Opposition Arises Against Yellen’s Global Tax Opines Wall St Jnl

Opposition Arises Against Yellen's Global Tax Opines Wall St Jnl ameridaily

Wall St Jnl New.- House Republicans have recently cautioned governments worldwide that there is significant dissent within Washington regarding the endorsement of a new global corporate tax initiative. This message has been acknowledged, as lawmakers in the United Kingdom and other countries are expressing reservations about the plan, despite the advocacy by U.S. Treasury Secretary Janet Yellen for higher taxes.

Over the weekend, Priti Patel, a prominent member of the British parliament from the ruling Conservative Party, launched a rebellion against her own Prime Minister’s proposal to adopt global taxes. The plan, devised by the Organization for Economic Cooperation and Development (OECD), involves implementing an excess-profits tax targeting tech and pharma companies, along with a globally mandated minimum effective corporate tax rate of 15%.

Yellen embraced this proposal with the hope that it would exert pressure on Congress to raise U.S. tax rates. Foreign governments, such as the administration of U.K. Prime Minister Rishi Sunak, saw an opportunity to increase revenue without worrying about policy competition.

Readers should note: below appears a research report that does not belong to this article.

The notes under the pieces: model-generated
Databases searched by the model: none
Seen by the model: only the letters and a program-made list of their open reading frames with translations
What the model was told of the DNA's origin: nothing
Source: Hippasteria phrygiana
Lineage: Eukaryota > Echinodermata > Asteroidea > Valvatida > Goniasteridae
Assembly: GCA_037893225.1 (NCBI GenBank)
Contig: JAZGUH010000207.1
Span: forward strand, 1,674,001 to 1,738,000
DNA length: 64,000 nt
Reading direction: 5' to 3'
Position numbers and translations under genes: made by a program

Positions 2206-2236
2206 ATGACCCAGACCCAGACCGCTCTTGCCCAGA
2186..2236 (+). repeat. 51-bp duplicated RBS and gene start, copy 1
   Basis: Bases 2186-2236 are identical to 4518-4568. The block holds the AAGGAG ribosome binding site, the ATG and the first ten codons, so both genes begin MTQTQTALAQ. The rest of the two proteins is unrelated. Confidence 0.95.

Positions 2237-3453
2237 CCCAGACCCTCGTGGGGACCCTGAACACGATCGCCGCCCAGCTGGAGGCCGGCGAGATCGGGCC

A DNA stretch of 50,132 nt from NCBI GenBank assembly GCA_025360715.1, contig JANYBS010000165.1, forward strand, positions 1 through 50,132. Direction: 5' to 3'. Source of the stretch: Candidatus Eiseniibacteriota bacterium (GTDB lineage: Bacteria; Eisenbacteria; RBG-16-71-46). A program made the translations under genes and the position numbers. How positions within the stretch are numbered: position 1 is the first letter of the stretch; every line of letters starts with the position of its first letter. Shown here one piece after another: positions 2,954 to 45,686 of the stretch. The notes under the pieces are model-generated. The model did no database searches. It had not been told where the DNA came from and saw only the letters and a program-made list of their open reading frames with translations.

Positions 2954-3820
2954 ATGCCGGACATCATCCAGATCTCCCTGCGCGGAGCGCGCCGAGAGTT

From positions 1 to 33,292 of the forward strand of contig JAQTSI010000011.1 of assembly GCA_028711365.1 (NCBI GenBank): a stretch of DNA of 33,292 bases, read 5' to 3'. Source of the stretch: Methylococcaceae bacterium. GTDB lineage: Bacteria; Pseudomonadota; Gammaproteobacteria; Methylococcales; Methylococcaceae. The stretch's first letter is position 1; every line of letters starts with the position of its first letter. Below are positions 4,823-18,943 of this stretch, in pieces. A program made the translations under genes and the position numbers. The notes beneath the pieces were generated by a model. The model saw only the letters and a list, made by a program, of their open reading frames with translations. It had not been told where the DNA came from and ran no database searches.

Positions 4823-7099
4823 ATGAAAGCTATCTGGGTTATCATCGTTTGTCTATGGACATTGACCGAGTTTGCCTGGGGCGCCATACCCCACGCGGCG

However, other governments are now realizing that the U.S. Congress is not fully on board with Yellen’s agenda. The implementation of the excess-profits tax would require Senate ratification of changes to existing tax treaties, which is unlikely. Republicans on the House Ways and Means Committee recently introduced a bill that threatens tax retaliation against governments imposing key components of the 15% minimum tax on U.S. companies.

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Ms. Patel, citing the opposition from the GOP, is advocating for a slowdown or halt to the implementation of global taxes in Britain. She astutely observes that the OECD is targeting governments that attempt to enhance business competitiveness through tax reductions while endorsing governments that provide subsidies, even if disguised as tax credits.

The European Union has granted some governments a grace period of up to six years to implement the agreement, if they choose to do so. Countries like Singapore and Hong Kong are delaying the implementation of the minimum tax until at least 2025, one year after the OECD’s target date. While Swiss voters supported the plan in a recent referendum, they appear to be outliers in this regard.

Congress’s skepticism towards Yellen’s attempt to utilize the OECD plan to coerce lawmakers into imposing tax increases that would diminish the competitiveness of U.S. firms is well-founded. They are not alone in their skepticism of this global tax initiative.